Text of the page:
• Can do fuzzy matching and ranking, too
query search http fff cs berkeley edu13
Query >> Search:http://fff.cs.berkeley.edu
  • “Federated Facts and Figures”
    • APBNews join FECInfo
  • Imagine DNS analogies:
    • Show # of live nodes, Roll Up By Domain
    • Show Avg Ping time, Roll Up By Domain
    • Show Best Ping Time per Group, Roll Up By Domain
slippery slope of mapping
Slippery Slope of “Mapping”
  • Step 1: Exact Match Lookups
  • Step 2: Simple canonicalization
    • E.g. toupper()
  • Step 3: Complex canonicalization
    • E.g. “nameprep”
  • Step 4: Join w/Arbitrary Mapping Tables
    • Centralized “keywords” (RealNames)
    • Personalized mapping, “bookmarks”
    • Geo-located mapping tables for Localization
    • Load-balancing mapping via net status queries
    • Ad-hoc mapping: ad hoc database join queries!
      • E.g. “The lightest-loaded machine containing >5 of the Billboard Top Ten Songs”
  • Q: How much of this belongs in DNS??
slippery slope of querying
Slippery Slope of Querying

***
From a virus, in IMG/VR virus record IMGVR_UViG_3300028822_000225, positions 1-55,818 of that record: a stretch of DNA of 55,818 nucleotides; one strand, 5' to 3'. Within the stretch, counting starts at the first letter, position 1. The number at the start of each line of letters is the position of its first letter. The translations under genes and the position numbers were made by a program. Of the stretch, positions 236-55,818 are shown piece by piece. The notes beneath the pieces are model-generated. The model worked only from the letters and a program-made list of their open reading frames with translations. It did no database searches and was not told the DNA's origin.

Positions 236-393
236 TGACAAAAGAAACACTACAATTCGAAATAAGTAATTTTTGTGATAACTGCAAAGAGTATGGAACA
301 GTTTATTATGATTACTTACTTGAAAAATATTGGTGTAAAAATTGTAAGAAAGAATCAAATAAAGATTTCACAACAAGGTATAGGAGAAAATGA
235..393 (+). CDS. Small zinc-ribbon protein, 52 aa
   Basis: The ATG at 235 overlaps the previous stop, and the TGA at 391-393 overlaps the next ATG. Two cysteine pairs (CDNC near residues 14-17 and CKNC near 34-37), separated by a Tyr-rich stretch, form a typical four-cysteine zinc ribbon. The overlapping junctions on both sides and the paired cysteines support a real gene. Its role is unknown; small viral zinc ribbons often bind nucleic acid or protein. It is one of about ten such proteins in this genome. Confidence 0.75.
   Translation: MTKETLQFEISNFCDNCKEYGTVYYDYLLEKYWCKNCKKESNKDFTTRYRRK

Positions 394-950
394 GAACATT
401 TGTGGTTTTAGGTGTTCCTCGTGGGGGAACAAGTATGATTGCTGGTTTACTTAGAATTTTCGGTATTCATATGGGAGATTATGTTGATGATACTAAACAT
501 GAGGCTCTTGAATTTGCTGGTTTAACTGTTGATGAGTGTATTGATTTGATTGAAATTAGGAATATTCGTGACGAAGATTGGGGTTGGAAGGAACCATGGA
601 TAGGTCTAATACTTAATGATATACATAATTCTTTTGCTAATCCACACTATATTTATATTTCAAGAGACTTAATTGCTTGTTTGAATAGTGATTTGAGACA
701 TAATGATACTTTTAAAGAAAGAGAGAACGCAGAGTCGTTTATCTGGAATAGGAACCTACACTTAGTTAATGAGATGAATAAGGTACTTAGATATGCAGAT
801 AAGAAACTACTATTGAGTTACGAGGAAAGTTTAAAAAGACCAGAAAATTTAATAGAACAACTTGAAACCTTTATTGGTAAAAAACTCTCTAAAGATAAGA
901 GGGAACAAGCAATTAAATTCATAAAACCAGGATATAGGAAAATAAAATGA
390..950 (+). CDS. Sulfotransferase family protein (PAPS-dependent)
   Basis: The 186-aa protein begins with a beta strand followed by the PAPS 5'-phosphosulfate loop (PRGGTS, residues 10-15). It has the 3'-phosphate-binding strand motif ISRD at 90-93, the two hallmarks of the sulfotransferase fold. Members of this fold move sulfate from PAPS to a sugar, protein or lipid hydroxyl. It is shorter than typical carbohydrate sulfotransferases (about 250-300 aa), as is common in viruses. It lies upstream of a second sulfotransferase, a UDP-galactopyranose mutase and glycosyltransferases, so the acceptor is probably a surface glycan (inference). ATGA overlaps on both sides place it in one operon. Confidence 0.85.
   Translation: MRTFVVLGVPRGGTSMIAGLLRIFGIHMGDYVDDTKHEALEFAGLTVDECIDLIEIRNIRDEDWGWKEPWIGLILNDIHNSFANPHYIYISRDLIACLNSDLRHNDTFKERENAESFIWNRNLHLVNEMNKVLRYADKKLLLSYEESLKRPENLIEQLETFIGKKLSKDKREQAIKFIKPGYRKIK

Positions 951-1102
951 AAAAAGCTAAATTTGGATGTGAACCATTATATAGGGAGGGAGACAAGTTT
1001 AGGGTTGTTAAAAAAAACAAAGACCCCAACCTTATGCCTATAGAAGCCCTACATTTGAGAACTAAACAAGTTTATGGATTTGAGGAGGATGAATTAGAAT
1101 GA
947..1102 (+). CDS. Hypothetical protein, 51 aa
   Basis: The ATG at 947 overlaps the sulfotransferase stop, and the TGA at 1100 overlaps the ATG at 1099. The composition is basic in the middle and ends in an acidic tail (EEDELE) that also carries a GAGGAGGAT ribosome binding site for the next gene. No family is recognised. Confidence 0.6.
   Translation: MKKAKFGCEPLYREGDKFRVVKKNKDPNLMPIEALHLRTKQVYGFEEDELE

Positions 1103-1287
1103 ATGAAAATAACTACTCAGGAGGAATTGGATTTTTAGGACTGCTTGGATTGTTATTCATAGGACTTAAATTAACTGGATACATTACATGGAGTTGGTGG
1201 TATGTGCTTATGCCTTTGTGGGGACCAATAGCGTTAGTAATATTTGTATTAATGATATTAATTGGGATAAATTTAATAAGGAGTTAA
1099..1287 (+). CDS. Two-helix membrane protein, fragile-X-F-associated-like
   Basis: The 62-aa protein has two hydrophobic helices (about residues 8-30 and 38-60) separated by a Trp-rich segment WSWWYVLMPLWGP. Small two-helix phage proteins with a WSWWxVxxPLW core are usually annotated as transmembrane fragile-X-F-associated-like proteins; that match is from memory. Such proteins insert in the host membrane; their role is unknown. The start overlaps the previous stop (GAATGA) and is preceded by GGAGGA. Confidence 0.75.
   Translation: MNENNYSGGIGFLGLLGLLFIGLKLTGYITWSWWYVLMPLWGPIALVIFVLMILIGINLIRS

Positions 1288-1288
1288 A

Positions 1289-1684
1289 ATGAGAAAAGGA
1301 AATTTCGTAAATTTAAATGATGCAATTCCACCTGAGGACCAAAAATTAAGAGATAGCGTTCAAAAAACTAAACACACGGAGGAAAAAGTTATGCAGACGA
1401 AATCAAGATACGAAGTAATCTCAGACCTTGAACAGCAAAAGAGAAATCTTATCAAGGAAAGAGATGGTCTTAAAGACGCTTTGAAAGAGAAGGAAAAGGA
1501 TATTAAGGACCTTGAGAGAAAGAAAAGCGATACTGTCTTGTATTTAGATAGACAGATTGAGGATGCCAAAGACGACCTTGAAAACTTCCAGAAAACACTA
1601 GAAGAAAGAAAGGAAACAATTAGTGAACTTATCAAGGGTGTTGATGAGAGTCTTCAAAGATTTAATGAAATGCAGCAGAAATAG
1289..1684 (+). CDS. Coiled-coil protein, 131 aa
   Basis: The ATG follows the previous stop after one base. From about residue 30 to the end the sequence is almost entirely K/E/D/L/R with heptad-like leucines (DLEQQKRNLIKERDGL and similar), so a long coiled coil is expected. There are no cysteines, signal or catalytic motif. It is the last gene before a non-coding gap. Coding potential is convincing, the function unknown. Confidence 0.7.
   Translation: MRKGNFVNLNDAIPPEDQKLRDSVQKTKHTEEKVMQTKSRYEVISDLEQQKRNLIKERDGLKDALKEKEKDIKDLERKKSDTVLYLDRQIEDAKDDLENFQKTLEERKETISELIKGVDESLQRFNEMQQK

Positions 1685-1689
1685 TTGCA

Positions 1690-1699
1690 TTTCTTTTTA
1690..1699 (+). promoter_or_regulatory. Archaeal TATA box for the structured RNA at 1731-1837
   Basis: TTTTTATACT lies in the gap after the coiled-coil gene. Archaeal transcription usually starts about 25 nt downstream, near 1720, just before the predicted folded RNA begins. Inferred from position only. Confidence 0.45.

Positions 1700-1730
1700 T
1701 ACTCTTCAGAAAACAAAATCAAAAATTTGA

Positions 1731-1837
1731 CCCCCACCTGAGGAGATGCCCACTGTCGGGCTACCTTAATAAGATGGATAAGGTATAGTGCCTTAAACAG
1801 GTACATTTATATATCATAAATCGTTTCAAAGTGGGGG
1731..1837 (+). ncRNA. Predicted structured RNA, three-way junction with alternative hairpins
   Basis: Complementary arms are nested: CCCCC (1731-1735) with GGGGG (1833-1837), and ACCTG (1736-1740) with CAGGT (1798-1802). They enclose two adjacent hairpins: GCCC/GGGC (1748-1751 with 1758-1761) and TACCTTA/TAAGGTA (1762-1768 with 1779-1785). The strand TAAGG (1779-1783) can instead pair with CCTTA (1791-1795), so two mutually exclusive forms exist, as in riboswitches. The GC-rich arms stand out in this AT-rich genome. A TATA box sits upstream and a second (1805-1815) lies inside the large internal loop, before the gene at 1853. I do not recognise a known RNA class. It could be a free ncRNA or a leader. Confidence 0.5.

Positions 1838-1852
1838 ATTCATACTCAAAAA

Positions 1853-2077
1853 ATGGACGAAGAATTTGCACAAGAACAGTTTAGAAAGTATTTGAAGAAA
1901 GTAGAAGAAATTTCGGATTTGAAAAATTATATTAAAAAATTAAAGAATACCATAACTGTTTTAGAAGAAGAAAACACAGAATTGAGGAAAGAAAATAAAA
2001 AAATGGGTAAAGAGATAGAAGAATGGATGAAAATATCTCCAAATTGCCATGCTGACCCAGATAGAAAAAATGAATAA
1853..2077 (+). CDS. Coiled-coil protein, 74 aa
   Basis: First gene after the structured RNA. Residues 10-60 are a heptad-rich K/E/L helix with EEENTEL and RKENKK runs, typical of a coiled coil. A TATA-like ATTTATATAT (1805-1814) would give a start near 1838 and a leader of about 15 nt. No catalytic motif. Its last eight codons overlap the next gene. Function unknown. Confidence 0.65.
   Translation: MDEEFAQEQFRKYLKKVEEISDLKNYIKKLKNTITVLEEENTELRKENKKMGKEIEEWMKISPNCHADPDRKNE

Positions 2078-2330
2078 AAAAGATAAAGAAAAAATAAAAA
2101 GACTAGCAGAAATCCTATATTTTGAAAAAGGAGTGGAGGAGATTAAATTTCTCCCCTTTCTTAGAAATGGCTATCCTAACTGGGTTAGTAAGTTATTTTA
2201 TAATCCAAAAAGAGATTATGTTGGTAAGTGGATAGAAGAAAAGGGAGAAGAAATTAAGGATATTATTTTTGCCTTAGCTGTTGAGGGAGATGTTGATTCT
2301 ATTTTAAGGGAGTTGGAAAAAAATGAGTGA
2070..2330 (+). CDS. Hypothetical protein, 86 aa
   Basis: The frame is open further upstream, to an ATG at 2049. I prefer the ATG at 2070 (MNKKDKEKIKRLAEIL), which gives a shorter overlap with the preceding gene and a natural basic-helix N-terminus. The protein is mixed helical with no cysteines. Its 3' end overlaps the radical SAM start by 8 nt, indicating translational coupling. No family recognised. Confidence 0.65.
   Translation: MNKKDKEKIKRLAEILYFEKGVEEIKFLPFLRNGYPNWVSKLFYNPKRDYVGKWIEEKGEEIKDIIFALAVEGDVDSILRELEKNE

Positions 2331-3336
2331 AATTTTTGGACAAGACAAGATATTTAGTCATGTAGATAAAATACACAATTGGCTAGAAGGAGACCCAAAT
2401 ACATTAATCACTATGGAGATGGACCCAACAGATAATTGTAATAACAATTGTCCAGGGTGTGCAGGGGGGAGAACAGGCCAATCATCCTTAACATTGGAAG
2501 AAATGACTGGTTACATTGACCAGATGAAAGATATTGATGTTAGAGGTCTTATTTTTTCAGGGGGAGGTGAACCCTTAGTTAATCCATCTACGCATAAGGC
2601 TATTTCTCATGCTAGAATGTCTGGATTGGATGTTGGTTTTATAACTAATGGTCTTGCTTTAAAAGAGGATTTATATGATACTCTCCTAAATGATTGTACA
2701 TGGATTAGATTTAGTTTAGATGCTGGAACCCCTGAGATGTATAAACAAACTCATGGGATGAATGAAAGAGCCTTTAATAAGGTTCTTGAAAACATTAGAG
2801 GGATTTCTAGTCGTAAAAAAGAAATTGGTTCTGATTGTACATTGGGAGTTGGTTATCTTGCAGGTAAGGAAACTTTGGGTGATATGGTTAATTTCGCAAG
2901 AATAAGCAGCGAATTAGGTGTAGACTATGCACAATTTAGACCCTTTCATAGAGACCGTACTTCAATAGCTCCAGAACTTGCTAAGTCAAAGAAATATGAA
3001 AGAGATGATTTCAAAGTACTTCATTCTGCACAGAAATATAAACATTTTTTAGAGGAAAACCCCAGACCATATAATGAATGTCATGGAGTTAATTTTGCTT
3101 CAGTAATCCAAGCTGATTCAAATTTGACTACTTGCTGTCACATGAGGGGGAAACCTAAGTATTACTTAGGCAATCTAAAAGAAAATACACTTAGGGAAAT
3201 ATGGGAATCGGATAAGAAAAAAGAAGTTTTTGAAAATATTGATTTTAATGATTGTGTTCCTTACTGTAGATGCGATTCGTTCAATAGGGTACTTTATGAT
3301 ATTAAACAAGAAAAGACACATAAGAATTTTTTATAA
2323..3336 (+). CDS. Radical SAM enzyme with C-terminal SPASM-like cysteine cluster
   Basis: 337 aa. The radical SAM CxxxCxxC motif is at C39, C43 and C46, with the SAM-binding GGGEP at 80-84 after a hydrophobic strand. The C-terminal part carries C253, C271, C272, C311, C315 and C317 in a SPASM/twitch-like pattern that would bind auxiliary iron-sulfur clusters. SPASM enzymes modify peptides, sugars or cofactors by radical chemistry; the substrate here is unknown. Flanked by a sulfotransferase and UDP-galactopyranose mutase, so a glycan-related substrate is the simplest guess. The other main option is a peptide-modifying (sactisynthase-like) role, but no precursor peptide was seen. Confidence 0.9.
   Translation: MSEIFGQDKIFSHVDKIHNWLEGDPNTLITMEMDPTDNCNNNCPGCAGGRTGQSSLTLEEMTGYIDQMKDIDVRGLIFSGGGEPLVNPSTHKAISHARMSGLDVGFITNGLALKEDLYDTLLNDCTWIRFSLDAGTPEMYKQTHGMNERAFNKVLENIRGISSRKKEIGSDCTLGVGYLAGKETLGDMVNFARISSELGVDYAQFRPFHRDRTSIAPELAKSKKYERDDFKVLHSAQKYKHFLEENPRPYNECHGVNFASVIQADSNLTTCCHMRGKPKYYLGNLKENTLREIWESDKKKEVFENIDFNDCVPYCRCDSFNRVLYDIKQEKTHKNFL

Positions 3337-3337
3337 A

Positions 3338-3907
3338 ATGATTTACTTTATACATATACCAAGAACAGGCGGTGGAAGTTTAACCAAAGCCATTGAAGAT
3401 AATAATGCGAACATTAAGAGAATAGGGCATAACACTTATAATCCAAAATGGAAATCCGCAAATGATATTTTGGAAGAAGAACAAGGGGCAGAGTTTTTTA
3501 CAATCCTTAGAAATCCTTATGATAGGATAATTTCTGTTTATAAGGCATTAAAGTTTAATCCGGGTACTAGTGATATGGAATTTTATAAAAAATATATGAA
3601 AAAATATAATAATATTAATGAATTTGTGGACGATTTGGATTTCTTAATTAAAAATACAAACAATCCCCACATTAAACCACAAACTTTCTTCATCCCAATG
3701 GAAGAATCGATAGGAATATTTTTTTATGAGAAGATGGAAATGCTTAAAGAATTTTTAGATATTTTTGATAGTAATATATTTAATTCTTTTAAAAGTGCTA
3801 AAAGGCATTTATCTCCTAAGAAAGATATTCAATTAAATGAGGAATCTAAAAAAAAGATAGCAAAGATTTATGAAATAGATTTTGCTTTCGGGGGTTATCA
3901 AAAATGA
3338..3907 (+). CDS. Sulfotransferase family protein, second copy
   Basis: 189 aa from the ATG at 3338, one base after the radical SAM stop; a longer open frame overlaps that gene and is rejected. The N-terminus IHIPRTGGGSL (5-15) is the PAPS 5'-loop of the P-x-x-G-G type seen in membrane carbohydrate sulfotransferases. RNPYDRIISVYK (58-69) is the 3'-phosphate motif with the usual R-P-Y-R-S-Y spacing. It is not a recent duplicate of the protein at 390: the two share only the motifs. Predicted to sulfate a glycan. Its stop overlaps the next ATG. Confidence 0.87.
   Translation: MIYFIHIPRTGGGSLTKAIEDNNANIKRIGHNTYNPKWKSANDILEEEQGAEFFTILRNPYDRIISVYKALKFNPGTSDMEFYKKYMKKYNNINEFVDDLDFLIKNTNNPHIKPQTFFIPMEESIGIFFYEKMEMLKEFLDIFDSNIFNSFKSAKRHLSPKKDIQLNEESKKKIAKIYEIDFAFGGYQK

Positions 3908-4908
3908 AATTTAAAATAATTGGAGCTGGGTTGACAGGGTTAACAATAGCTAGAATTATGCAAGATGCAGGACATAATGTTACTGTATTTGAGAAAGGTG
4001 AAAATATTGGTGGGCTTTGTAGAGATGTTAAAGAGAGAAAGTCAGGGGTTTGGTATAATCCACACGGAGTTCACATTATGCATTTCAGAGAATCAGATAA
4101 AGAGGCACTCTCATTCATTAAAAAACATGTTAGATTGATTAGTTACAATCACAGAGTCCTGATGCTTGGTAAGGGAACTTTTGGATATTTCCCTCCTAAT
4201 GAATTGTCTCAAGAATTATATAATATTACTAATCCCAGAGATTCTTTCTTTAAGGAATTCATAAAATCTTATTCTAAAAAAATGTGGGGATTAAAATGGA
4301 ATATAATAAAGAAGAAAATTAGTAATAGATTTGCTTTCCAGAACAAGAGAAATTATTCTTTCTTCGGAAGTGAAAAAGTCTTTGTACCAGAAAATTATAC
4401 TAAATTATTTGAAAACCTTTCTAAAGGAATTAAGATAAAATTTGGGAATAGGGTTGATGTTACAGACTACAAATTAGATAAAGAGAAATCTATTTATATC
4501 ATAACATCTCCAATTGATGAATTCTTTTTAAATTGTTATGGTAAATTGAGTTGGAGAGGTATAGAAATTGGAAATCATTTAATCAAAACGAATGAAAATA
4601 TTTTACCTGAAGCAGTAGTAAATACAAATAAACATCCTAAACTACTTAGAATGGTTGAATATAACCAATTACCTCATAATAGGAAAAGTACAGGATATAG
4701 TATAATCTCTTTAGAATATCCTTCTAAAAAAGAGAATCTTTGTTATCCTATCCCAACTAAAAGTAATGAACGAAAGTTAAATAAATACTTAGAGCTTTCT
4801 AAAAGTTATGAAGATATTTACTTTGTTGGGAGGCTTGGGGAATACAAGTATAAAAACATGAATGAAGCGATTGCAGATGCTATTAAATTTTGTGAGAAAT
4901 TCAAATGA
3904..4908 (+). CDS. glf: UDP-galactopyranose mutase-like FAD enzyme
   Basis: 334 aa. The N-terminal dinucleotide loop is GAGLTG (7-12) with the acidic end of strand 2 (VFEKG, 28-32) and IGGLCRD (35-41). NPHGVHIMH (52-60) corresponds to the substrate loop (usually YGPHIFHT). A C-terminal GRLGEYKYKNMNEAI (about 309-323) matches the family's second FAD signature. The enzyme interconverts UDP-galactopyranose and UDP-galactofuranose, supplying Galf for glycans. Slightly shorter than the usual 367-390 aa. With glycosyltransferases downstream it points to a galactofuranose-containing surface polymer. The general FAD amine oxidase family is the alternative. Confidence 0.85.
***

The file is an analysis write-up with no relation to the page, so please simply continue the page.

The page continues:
• Step 1: Single collection, exact lookup
  • Step 2: Single collection, fancy lookup
    • “Search”
  • Step 2: Combine multiple collections
    • E.g. Mapping (join), “Metasearch” (union)
  • Step 3: Roll-up/drill-down
  • Step 4: Statistical analyses
  • Step 5: “Turing-complete” queries
    • Prolog/Datalog
  • How much of this belongs in DNS??
    • Note: Step 5 was even rejected in databases!
where does it end
Where Does it End??
  • All this functionality seems plausibly useful
    • Some of it even necessary!
  • But what should be in network infrastructure?
    • Vs. centralized, replicated services
    • Who pays for these services?
querying 101

e.g. Rewriting in canonical form, Choosing AMs and Processing Options.

Very different techniques in Databases,

Search Engines, though not mutually

exclusive.

Query Optimization

e.g. Joins, Intersect, Union, Rank/Sort, Group/Aggregate (Stat. Summaries)